Holidaymaker told a ‘wet bum’ not a good enough reason to sue TUI for £100,000
A holidaymaker who sued holiday giants TUI after slipping over in a luxury hotel juice bar has been told by a judge that a “wet bum” was not good enough evidence on which to bring her £100,000 compensation claim.
Judge Heather Baucher said Karen Carey, 64, had not proved she slipped in a puddle of juice or water just because she claimed she had a “wet bum” after her fall.
Mrs Carey shattered her right ankle when she slipped as she and her husband, Peter, were breakfasting at the luxury H10 Taburiente Playa Hotel in Tenerife six years ago.
She went down on her backside after her feet went from under her as she walked towards the fruit juice bar.
The fracture had a catastrophic effect on her life and career, Central London County Court heard, plaguing her with chronic pain and drastically limiting her mobility.
Mrs Carey sued holiday giants TUI Ltd for £112,620 over the January 2016 accident, which her lawyers blamed on a puddle of juice or water which hotel cleaners failed to mop up.
But Judge Baucher has now thrown out her claim, saying she had not given enough detail about how she slipped to found a ruling of negligence on the part of TUI.
In evidence, Mrs Carey told the judge that she didn’t know exactly how she slipped, but had surmised there must have been a puddle of juice or water on the floor because afterwards “my bum was wet”.
But dismissing her case, the judge said: “She simply has no idea on what, if anything, she slipped.
“Mrs Carey’s shorts could have been wet for any number of reasons [after her fall] and that is not enough on which to found liability.”
Mrs Carey and her husband had booked a seven-day package at the four-star beachside hotel, which boasts spectacular views, four swimming pools and several restaurants.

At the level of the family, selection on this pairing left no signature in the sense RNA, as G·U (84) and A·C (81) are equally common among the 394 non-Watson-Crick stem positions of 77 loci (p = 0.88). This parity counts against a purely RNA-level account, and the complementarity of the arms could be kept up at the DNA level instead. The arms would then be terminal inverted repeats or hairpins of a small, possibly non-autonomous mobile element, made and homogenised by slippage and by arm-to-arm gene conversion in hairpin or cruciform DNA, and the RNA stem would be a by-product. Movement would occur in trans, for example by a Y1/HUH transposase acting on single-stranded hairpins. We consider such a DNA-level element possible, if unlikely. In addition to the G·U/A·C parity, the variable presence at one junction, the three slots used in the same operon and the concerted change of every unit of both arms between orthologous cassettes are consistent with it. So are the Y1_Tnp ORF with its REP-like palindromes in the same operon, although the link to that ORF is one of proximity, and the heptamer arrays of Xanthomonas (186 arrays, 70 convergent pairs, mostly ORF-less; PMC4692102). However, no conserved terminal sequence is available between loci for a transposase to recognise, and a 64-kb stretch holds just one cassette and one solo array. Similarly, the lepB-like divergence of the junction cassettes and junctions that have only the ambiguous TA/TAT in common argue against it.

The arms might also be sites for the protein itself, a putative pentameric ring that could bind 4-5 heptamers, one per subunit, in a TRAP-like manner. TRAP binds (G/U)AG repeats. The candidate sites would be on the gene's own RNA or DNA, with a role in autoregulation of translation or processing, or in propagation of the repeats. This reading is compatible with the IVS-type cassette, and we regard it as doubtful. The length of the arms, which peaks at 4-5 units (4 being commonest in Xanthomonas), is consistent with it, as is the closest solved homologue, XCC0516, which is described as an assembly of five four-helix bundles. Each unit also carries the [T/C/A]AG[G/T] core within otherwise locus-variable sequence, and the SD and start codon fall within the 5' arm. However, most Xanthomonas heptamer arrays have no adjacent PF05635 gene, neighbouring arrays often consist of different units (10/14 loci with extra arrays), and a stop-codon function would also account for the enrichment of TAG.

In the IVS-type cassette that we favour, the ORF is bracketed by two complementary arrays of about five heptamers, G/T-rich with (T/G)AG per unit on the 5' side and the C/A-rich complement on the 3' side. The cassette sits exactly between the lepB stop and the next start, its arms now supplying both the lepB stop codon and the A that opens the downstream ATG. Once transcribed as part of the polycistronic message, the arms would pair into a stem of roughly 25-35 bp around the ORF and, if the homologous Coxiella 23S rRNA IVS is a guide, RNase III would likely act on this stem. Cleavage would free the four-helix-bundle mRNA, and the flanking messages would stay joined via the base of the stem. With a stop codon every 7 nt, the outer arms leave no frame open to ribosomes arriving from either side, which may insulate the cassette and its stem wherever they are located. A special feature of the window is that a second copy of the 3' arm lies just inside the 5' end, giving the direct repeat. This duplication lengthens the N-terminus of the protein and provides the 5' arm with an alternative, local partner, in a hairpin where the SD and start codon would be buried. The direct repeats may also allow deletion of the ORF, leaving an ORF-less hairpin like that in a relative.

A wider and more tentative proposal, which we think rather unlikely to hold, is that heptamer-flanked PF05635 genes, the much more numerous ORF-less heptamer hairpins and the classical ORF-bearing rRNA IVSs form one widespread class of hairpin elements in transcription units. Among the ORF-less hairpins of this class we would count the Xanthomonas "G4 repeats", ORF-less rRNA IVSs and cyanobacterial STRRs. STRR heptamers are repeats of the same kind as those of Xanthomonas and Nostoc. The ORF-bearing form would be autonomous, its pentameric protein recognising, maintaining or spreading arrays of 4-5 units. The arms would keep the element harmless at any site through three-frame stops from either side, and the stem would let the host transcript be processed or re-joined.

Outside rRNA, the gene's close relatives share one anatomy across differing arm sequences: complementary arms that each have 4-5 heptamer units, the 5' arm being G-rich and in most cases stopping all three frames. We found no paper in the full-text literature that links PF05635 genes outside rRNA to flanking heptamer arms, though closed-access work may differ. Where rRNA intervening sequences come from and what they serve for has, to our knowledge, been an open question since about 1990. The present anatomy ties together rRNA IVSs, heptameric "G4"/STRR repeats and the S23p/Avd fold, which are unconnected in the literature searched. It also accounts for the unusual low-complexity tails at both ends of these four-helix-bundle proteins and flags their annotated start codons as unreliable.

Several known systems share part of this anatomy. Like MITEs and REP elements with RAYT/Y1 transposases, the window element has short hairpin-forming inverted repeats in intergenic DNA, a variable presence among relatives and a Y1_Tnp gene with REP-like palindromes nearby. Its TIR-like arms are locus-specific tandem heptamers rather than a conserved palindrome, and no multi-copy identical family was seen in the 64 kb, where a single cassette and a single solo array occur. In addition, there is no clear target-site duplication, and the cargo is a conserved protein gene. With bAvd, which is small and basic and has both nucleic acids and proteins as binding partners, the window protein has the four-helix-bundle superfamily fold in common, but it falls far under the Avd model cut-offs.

The fall came on the fifth morning of the couple’s week-long winter dream holiday – and led to an ambulance rushing her off to hospital in La Palma, as well as repeat bouts of surgery once she was back in the UK.
TUI’s legal team denied all liability, disputing that any liquid had been spilled on the floor, which they say was regularly cleaned up by hotel staff.
Sketching out the circumstances of the accident her barrister, Andrew Young, told the court: “Mrs Carey and her husband sat down at a table and the claimant then stood up and started walking towards the area where fruit juice was available in order to obtain a drink.
“As she came near to the area, her feet slipped from underneath her and she fell to the floor twisting her right ankle as she did so.”
He added: “She saw nothing on the floor before she fell, but she noticed that her bottom was wet after she had fallen.
“Her husband was summoned by a waiter immediately after the accident and he also noticed that the floor around the claimant was wet.”
But handing victory to TUI, the judge concluded: “The burden is on the claimant to prove there was something on the floor which caused her to slip and that burden has not been met.
“It is sad that the claimant fell over with such devastating impact during this accident, but that is just what is was, an accident. I hope that Mrs Carey can now find some way to move forward.”
The judge awarded costs in the case to TUI, but Mrs Carey will not have to pay the bill unless the court makes a further order at a future date.